Last weekend, over 3 million people visited the 22 000 voter registration stations around South Africa, some 700 000 registering for the first time. Millions more made use of the IEC’s sms number to check their registration details. Over a hundred thousand volunteers worked as party agents to observe the registration process and highlight abnormalities where necessary.
All of them did so because South Africans know that this is what a democracy requires, and that our respect for democracy sustains our social contract. They know how much is at stake.
As one analyst put it this week: “Whether we choose to use it or not, voting is, arguably, the most important right because it establishes us as citizens entitled to get those in power to work for us, rather than resigning ourselves to working for them.”
It is therefore of some concern that the IEC cannot give us full assurance that it will be able to hold a free and fair local government election by the 16 August 2016 deadline. (The Constitution stipulates that local government elections must be held within 5 years and 3 months of the previous ones, which were on 18 May 2011.)
This cloud of uncertainty emerged two weeks ago, when the IEC postponed the Tlokwe and other by-elections across four provinces just a day before they were scheduled to take place. It did this because it had not been able to comply with an electoral court ruling compelling it to record voters’ addresses on the voters roll.
The IEC has been trying to hold these same Tlokwe by-elections since late 2013. In November 2015 they were ruled to be invalid because some 4000 voters had no addresses on the roll, the likely explanation for which being that they did not actually reside in the contested ward. This has been an under-reported aspect of this long, sorry case. The problem started because there was real evidence that the ANC in Tlokwe was bussing voters in from neighbouring towns to re-register and vote in Tlokwe. The Court found there was enough of a suggestion that the ANC may have tried to fraudulently win these elections, that they scrapped the results.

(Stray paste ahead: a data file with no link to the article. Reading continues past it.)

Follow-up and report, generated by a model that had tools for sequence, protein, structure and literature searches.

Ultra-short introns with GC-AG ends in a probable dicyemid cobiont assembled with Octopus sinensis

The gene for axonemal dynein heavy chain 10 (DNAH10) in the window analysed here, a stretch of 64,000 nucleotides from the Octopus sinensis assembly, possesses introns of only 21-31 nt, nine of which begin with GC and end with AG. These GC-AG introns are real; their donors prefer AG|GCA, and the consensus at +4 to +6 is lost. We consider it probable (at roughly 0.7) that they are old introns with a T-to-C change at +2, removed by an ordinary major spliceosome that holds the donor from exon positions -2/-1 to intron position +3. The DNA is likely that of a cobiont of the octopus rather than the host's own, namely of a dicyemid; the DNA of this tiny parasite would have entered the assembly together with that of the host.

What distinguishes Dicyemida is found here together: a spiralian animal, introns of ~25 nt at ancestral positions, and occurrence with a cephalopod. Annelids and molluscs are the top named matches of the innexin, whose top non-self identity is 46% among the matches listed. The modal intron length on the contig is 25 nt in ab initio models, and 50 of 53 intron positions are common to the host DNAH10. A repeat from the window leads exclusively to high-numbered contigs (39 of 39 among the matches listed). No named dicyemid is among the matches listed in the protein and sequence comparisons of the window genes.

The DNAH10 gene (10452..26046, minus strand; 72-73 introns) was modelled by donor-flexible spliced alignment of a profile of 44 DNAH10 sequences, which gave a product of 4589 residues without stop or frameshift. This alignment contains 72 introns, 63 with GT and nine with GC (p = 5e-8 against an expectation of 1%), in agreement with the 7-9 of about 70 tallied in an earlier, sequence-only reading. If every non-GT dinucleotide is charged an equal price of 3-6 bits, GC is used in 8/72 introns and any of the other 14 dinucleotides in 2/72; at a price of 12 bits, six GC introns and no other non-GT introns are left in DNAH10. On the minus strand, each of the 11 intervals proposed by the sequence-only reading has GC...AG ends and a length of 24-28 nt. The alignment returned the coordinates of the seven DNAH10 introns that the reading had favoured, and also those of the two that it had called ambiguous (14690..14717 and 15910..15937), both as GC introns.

This latest ruling naturally begs the question: Does this requirement for an address for each voter now extend to the entire voters roll? The court’s decision on this is critical, because there is absolutely no way that the IEC can comply with this and still hold the local government elections before the mid-August deadline.
Fortunately, it seems most likely that the court will take a pragmatic approach on this and declare only that all future registrations must record an address, and that the IEC must take steps over the coming years to do so for every voter on the roll.
Delaying the municipal elections to beyond the deadline would require Parliament to pass enabling legislation unlikely to be deemed constitutionally valid. The DA would most certainly challenge the delay, on the grounds that current local governments only have a legitimate mandate to govern until mid-August 2016.
Of course, the DA recognises the importance of ensuring that only the votes of voters residing in the respective ward are valid. And we are also concerned about the ANC’s increasingly brazen attempts to illegitimately and illegally influence election results.
These concerns underscore the great importance of the role of party agents, who observe the registration and voting process at voting stations. It is up to them to flag any irregularities in the system. In this election, we will be recruiting more than 25 000 party agents across the country, and training them in what to look out for. If you want to volunteer, please sign up on our website.
If you have not yet registered, please do so at your local IEC office. Alternatively, you can register at your local voting station on the weekend of 9-10 April, which is the second and final registration weekend for these elections.
Remember that every single vote is added up for the total municipality or metro result, on which half the council seats are allocated. So even if you live in a very strong DA or ANC ward, you should still go and vote DA because every vote counts to the total result.
Our vote is our most powerful line of defence against an ANC government that is putting itself first and its people last. Please register and vote for the change South Africa needs to get us back onto a path of economic growth and shared prosperity. Much is at stake.